The boot menu that Apple includes in Mac systems is convenient, especially if you manage multiple operating systems on your computer or if you need to boot to an alternative boot volume. To activate the boot menu, upon starting up you just need to hold the Option key after hearing the system's boot chimes, and then select your desired boot drive from the automatically detected options. While convenient, in some instances the boot menu may start appearing at random times after the system is restarted.
By default, Apple's computers will boot to the hard drive that is selected in the system preferences as the default boot volume. This setting is stored in the system's PRAM (parameter RAM), which is passed to the firmware when the system is initially started up. If no boot drive is specified, or if the default boot drive is corrupt, then the system will poll other drives to see if any contain a boot system, and will boot to those drives. While it does this, the system will display a blinking question mark on the screen, and if no drive is bootable then the system will continue to show the question mark--it will not resort to showing the boot menu automatically.
What this likely means is that the firmware was explicitly instructed to show the menu, which can happen for a couple of reasons:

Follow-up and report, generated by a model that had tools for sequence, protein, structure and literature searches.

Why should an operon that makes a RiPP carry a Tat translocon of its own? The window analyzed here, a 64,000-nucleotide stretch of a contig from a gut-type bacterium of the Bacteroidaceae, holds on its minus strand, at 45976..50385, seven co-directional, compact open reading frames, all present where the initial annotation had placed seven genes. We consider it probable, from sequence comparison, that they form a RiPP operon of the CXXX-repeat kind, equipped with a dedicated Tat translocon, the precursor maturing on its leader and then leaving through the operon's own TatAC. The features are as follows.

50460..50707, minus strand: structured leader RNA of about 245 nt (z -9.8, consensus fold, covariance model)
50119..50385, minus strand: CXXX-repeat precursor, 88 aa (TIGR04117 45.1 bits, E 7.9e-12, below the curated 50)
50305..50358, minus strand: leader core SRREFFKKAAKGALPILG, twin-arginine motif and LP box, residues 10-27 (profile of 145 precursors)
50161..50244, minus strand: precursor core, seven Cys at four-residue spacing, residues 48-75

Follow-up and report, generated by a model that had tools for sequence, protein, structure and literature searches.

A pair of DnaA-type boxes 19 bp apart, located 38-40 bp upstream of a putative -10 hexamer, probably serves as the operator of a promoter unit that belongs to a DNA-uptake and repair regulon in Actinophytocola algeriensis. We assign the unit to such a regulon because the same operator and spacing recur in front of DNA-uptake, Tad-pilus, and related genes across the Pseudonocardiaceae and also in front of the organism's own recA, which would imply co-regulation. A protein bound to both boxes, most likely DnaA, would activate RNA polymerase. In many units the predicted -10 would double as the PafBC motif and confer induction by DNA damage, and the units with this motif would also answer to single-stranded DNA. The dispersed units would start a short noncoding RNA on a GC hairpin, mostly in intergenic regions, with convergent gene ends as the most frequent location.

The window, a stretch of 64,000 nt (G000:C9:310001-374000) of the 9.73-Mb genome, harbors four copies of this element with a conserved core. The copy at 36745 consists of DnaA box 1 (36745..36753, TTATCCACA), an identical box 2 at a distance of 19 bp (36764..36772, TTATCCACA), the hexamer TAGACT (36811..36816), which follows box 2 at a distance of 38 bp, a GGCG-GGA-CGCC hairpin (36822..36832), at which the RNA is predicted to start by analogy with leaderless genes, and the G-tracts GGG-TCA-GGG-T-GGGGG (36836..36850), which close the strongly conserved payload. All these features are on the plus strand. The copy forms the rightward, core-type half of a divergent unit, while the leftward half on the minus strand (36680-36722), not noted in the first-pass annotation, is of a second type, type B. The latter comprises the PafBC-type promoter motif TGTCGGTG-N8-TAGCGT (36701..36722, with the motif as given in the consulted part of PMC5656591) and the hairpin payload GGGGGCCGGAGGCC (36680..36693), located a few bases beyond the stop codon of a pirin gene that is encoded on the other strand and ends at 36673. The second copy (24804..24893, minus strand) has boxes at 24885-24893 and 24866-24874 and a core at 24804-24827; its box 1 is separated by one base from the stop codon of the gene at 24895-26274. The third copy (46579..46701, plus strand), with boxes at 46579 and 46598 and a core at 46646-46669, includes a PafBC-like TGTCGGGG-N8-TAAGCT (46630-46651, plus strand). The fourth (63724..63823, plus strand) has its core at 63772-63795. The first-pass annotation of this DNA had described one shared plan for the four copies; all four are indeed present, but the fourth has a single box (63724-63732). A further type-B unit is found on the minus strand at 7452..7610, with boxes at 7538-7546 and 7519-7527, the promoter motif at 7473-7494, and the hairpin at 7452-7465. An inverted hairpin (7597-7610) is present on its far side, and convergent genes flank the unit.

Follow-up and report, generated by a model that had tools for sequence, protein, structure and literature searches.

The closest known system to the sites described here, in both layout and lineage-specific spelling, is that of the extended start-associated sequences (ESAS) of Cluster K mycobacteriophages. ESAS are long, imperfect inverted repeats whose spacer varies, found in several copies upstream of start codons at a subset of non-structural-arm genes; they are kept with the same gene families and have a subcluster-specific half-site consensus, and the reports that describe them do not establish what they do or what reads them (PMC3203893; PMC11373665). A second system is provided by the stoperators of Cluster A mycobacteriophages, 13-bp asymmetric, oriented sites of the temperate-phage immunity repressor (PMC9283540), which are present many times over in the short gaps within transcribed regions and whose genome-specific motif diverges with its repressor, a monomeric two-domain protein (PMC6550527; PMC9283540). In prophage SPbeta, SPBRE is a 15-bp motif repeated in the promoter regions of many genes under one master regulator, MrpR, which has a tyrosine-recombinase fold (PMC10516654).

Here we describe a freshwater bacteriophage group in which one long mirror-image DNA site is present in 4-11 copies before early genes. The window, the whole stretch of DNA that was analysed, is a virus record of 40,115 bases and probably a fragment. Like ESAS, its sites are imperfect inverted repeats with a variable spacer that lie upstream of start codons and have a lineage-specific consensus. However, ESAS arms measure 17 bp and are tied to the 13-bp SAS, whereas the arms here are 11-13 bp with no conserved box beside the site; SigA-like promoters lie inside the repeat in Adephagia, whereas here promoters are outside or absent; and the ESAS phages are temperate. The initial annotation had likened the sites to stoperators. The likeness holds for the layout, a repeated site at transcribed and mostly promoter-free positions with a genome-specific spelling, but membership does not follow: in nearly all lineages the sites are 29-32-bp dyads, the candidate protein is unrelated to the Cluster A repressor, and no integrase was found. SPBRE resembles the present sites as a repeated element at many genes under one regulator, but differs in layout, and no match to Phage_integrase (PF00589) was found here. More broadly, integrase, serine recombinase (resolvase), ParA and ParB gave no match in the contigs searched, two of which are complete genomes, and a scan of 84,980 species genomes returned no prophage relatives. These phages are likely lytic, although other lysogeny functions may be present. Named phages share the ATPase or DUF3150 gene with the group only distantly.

The system's PRAM contains a number of variables that are passed to the firmware when the system starts up, some of which are acted upon by the firmware (such as the default boot volume) and others of which are passed to the kernel and system software (such as boot options like Safe Mode). It is possible that corruption in these variables could result in the firmware being instructed to show the boot volume, so resetting the PRAM may help. To reset the PRAM, restart the system and immediately hold the Option-Command-P-R keys. Hold the keys and let the system reboot a couple of times, and then release the keys and allow the system to boot normally. Resetting the PRAM will not harm anything on the system, and might only require some settings to be adjusted like mouse speed or system volume.
After you have reset your PRAM, go to the "Startup Disk" system preferences and ensure your default boot drive is chosen as the startup disk.
The other option for why the system is showing the boot menu is if the keyboard is malfunctioning and is passing the signal for the Option key when the system is booting. As a result, you can try booting the system with the keyboard disconnected to see if that prevents the problem from occurring, or you can try a different keyboard altogether (any USB keyboard should work).
Beyond the keyboard and PRAM issues, you might also take a look at the filesystem setup as well. Run Disk Utility to check the volumes on your system (especially boot volumes), and fix any errors if they crop up. In addition, you might consider rebuilding your boot drive's partition table by cloning the system to another hard disk, using a tool like Carbon Copy Cloner or SuperDuper! and then boot to the clone and then repartition and format your boot drive before cloning the system back to it. Doing this will rebuild the partition tables on the drive, so if for some reason any faults in the tables were contributing to the problem then doing this should clear that issue up.